Lately all I have been hearing is how technology is truly changing the way we live and survive during these tough economic times. People are making choices concerning the services they want, and the services they truly need.
Recently AT&T announced that they have experienced a significant ramp in consolidated revenue growth led by improved results in wireless and enterprise, and further expansion of wireless and consolidated margins. This announcement sheds some light on the new needs and demands of both consumers and businesses.
The exploding demand for wireless voice and data services has fueled their increased revenue. This appears to be a direct result of what most folks are beginning to do . . . which is deciding between keeping a land line phone in the home and business or going completely wireless. For many these days, it is a choice of simple economics. For most consumers, it is the reliance on their wireless service that forces them to this decision. I recently wrote about this in a previous post, "Wireless World", and now the proof of such movement is beginning to show.
I have spoken to folks who are fully committed to being totally dependent on wireless communications, not only for the cost, but for the accessibility. Others say, why be so accessible to the whole world? In 2008, no one can afford to be isolated from our global community. What is happening right before our eyes is the evolution of how we communicate and obtain information. It is through wireless technology that this change is being created and propelled.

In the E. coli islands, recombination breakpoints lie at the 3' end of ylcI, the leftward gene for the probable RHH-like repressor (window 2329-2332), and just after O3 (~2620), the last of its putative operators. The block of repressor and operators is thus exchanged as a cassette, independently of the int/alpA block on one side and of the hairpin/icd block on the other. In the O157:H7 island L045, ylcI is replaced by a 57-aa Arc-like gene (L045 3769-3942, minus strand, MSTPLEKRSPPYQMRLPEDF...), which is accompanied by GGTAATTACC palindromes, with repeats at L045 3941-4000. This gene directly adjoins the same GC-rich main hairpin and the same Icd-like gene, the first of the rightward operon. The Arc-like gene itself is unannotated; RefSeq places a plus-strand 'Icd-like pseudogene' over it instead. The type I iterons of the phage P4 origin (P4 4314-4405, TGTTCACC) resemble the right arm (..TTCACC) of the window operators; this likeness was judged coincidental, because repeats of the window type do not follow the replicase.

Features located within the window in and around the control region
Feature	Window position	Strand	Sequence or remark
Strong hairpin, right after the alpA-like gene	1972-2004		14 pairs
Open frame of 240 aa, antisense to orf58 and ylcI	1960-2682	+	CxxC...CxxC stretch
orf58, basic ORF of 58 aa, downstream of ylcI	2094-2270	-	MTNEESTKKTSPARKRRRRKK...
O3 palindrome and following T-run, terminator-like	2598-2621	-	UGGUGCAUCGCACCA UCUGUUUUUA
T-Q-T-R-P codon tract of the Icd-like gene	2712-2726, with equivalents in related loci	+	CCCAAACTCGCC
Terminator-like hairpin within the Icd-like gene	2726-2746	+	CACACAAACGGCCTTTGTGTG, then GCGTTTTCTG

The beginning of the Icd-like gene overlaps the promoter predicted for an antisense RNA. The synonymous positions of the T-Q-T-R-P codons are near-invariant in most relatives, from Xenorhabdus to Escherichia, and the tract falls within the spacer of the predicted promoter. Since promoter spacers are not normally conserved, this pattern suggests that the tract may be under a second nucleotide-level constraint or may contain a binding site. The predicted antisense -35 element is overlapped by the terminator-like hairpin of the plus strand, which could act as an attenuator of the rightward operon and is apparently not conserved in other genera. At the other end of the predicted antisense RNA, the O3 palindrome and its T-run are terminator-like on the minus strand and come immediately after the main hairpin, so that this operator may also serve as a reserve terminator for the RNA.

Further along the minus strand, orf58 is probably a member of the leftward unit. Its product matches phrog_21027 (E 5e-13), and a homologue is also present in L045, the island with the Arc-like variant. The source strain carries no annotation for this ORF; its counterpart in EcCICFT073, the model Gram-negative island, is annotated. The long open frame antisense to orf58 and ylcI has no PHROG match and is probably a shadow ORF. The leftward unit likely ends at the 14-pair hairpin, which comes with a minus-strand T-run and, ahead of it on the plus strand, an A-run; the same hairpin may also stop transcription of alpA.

Clearly, AT&T is staying focused on their customers and growth. By providing quality service and cutting edge products, they continue to attract both consumer and business subscribers. You can bet all of their competitors, both big and small, in this market will be pushing hard to keep up. Such competition is good for the marketplace and makes AT&T a better provider.
With all of the new technology we have yet to see, it is exciting to know that marketplace leaders like AT&T still get excited about building their business one person and one business at a time.